old name, Curtain Falls Trail.
The falls are dry most of the
year, running only after a
rainstorm or in the spring when
the snow melts. But the ledge
the falls drops off of looks like it
As the sea covered this area, its storm
waves broke against the outcrops of
basalt, breaking chunks loose.
These
chunks fell to the sea bottom and were
embedded in sand along with the
skeletons of trilobites and other sea
animals of that period.
was once the location of a much bigger falls at one time. Curtain Falls
formed recently, only ten or eleven thousand years ago, and a lot
happened between the retreat of the sea and the beginning of
Curtain Falls.
Minnesota’s Four Seasons:
Winter, Winter, Winter, & Winter
The
seas
retreated
from
Minnesota, but returned again
many times before leaving for
good. But they never reached
as far as Interstate Park after
Cambrian times.
There is no
clear evidence in the park of
events after the sea’s retreat until
relatively recent times, about 100
thousand years ago.
The last glacial ice to cover this area was
the Grantsburg Sublobe, which blocked
This was the time of the last
the drainage of the meltwater from the
advance of the great ice sheets
north and forced the St. Croix to run east
from the north. Minnesota had
of its present course at Taylors Falls.
been covered with ice several
times before, but the most recent
advance (called the Wisconsin Ice Age because it left so many traces
in that state) was the one that affected Interstate Park the most and
gave the scenery here its final touches.
Imagine a time of cold, when summers were not warm enough to melt
all of the snow that fell the winter before. After years of this, the snow
piled up deep enough to crush the snow at the bottom of the pile into
ice, and then piled up more. Even ice will flow if enough pressure is put
on it, and when it is forced to flow, it is hard to stop. Great, mile-thick
flows of ice, glaciers, moved slowly over Minnesota from the north,
eventually covering most of the state.
A glacier is a very powerful cause of erosion. It can wear away hills,
freeze into boulders and drag them for hundreds of miles (slowly but
surely), and gouge out broad valleys in which to flow more easily. A
moving glacier changes the landscape it moves over, but we can’t see
very much evidence of this at Interstate. What we see mostly is the St.
Croix River and its valley, which formed as the glaciers were melting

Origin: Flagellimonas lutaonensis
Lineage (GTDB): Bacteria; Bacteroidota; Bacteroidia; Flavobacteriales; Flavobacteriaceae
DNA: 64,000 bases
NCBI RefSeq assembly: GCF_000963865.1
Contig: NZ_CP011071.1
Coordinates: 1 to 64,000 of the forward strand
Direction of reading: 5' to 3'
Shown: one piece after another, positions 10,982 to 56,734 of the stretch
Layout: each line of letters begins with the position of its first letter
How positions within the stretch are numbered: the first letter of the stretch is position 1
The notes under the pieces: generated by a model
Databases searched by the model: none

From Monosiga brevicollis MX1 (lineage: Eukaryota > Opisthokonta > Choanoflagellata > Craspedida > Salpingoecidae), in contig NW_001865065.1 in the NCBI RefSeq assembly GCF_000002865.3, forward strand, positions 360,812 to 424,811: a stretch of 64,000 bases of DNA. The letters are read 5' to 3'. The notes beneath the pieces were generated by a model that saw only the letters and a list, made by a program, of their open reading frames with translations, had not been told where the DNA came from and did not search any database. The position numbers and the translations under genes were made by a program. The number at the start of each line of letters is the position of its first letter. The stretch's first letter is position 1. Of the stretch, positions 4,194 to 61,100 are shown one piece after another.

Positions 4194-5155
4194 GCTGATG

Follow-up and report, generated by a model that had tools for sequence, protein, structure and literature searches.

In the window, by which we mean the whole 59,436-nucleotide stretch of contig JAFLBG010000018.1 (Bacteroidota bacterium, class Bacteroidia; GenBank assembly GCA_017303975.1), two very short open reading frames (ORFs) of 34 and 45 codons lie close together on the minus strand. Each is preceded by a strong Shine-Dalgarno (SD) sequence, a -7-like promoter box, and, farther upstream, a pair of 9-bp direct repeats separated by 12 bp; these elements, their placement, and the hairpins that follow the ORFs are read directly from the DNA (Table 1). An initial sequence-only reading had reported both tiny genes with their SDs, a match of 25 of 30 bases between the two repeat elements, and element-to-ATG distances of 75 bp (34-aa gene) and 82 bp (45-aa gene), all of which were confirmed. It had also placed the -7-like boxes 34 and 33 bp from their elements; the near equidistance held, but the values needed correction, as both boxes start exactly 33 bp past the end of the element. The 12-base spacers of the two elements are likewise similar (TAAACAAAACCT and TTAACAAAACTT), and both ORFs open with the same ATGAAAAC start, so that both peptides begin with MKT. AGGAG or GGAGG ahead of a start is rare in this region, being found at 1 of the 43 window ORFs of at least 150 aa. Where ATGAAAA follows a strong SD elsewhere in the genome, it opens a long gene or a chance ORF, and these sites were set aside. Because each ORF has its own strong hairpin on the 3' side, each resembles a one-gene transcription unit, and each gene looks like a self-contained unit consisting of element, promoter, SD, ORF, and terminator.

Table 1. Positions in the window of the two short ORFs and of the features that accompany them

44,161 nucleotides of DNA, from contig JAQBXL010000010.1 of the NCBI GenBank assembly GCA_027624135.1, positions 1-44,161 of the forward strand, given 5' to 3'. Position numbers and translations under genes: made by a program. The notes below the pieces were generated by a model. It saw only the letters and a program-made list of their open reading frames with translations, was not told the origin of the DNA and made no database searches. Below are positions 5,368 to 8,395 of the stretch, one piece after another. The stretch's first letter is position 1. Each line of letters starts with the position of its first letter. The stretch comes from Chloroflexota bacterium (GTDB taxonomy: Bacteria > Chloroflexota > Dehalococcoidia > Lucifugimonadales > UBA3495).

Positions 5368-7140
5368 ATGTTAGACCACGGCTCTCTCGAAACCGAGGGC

away for the last time.
After the meltback of the Grantsburg Sublobe,
the St. Croix flowed in its present course past
Taylors Falls. Its size was tremendously increased
by the meltwater draining from Glacial Lake
Duluth via the course of today’s Brule River. This
huge flow cut the gorge we see today.
The St. Croix didn’t always
follow the course we see it
in today. There is evidence
that it once flowed through
a valley farther west, where
the Sunrise River is now. But
glaciers disturb the normal
paths of flowing water.
When a glacier melts away,
all of the rocks and other
sediment frozen into it get
dumped as the ice melts.
Plains and ridges of sand
and
gravel
called
“moraines” are the result.
The earlier course of the St. Croix was clogged by moraines as the
glacial ice retreated, and the river had to find a new course. It flowed
away from its older channel and for many years it ran east of Taylors
Falls, forming a valley that is still visible today near Dresser, Wisconsin. At
that time, Taylors Falls was still covered by the ice of the Grantsburg
Sublobe of the glacier, but when the ice melted, the river was able to
run where the ice had been, where it runs today. But it didn’t look at all
like it does today, because there were no cliffs and no deep gorge.
The St. Croix was in a wide, shallow valley at first.
Taylors Falls – the Waterfall
Then came the final chapter of the story of Interstate Park’s geology. It
happened very recently in terms of geological time- only ten thousand
years ago.
If you imagine the amount of water that you’d get from melting a milethick sheet of ice the size of the State of Minnesota, and then imagine
all of that water running down one river, you’ll have an idea of what
made the St. Croix Valley and its features look as they do today. As the
ice melted, the Glacial St. Croix River became much larger than the
river we see now. But this alone doesn’t account for the mile-wide
valley that today’s river runs in.
Glacial Lake Duluth, the ancestor of present-day Lake Superior, was
also filling up with meltwater from the glaciers. The lake’s eastern end
was still blocked by an arm of the glacier, so the water had nowhere to
go. It rose until it was four or five hundred feet higher than the level of
today’s Lake Superior. It became deep enough to overflow the hills
around it to the south, at the point where the Brule River of Wisconsin
now enters the lake.
Once the lake began to overflow, the rushing water cut the gap even
wider and deeper, so that the water could run out faster. This huge
flood joined the Glacial St. Croix and poured south through what is now
Interstate Park, gouging out a valley wide and deep enough to let it
flow smoothly. This flood continued for tens, possibly hundreds of years,
before the ice melted away from the eastern exit of Glacial Lake
Duluth and allowed water to flow towards the Atlantic Ocean instead
of to the south.
If you stand in the campground at Interstate today, you’ll be standing
near the bottom of the Glacial St. Croix River. If you stand at the
overlooks along the highway or the River Trail, you’ll be standing at a
point that was covered by the river when it was at its largest. If you
stand at the overlook on the Sandstone Bluffs Trail, you’ll be able to look
out over the mile-wide valley that the Glacial St. Croix once flowed in.
The most dramatic reminders of the size and force of the Glacial St.
Croix are found at the north entrance to the Interstate Park, near the
highway bridge. Here you can see the high cliffs of the narrow river
gorge called “The Dalles of the St. Croix”. These cliffs were carved from